Step 7. Take your radiator’s temperature
When the radiator is nicely warmed up, take a temperature reading at the pipework leading to one of the valves.
Step 8. Take the temperature of the pipework
Next, take a temperature reading at the pipework which leads to the valve on the other side of the radiator, gradually opening the lockshield valve until there is a 12°c difference between that, and the temperature reading from the previous step.
It’s important to ensure that you leave a couple of minutes after each adjustment to the radiator valves in order to allow the temperature to change.
Please note: The temperatures in these images may not necessarily be relevant to your radiator – just ensure there’s a 12°C difference in the temperatures you record at opposite valves, that’s what is important.
Step 9. Check each radiator on your list
Now, check the rest of the radiators in the order on your list. Generally, the further the radiator is from the boiler, the more the lockshield valve will have to be opened. In order to balance your radiators correctly, you may have to have the lockshield valve opened fully at the final radiator.
Step 10. Sit back and relax
Sit back, relax and enjoy the warm and comforting glow of your newly balanced radiators.
Can’t balance your radiators?
If you are still suffering with balancing problems or having issues with radiators not heating up properly after following the steps shown then you may have a weak pump and or sludge in the system that is restricting the free flow of hot water around the system.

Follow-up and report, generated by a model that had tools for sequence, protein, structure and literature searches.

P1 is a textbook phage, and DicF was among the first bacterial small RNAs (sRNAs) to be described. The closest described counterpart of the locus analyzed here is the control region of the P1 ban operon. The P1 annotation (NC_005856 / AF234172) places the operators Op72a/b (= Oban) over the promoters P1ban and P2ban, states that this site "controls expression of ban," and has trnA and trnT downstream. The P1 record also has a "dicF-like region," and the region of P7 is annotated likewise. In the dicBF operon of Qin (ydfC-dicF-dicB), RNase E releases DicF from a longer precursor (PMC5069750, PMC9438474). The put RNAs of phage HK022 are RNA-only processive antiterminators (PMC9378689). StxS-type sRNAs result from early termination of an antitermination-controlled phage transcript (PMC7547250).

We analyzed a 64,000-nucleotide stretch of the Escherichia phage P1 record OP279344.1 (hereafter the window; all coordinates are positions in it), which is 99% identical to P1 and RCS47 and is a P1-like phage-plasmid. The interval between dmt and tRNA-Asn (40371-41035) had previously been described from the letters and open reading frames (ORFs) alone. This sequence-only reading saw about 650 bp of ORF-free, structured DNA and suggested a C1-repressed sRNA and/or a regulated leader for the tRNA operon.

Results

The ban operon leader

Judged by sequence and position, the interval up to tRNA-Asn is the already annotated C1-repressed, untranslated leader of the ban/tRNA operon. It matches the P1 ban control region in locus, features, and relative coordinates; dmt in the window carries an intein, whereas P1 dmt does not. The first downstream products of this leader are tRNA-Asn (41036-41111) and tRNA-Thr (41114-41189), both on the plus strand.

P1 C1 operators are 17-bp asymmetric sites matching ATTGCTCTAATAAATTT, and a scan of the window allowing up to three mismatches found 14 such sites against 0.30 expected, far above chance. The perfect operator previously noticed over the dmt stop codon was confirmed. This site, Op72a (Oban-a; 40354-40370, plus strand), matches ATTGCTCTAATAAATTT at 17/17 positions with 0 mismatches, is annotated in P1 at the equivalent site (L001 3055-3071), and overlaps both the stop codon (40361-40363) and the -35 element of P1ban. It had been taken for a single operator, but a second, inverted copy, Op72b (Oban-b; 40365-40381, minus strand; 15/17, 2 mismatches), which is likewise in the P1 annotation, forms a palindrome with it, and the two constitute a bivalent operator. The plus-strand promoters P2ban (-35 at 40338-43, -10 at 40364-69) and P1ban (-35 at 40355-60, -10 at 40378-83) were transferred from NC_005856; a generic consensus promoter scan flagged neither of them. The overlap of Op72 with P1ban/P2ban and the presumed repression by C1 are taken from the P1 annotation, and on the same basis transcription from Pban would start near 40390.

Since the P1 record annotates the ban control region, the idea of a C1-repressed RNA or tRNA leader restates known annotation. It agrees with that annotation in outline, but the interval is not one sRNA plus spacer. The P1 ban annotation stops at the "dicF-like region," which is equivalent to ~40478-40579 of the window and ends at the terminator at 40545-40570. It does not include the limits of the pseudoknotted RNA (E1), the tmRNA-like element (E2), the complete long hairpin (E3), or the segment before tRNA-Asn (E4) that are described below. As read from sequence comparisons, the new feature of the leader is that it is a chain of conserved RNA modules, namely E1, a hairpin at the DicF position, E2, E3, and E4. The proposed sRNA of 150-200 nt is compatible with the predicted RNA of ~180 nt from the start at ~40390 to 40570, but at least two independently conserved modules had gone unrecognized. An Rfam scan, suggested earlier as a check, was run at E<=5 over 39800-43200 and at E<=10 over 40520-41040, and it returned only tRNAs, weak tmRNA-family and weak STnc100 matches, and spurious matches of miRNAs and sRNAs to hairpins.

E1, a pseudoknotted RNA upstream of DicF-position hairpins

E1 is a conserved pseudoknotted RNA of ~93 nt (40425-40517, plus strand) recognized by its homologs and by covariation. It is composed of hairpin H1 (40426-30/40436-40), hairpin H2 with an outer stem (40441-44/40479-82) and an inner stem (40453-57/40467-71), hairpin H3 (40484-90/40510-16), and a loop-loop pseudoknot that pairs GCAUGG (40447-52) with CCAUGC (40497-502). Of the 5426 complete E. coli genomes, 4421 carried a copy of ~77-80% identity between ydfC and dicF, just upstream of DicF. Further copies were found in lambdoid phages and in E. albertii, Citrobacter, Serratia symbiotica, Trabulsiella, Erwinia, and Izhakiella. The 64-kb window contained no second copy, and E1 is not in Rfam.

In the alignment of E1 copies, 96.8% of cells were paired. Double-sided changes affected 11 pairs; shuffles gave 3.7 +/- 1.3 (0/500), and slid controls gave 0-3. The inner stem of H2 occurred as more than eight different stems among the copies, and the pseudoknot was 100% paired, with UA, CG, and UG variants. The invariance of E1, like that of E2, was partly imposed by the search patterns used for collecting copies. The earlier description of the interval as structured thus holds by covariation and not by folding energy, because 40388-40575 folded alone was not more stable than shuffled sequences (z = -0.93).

Check the water coming out when bleeding the radiator, if it’s black then that’s a sign of sludge in the system.
Another telltale sign is cold spots on the bottom-middle section of the radiator. If you suspect your system is blocked up then you may need to add some sludge remover to the system.
Allow this to circulate as much as it can for around 3 days before draining the system completely and then add inhibitor to stop any further corrosion.
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Now it’s time to balance your radiators
And there you have it, all the information you need to bring some balance to your radiators and your home heating.
So now you know how to balance a radiator why not let us know how you got on when you did it yourself or if you’re a bit stuck and need to ask any other questions, feel free to leave a comment below or visit us on Instagram, Facebook, Twitter and YouTube.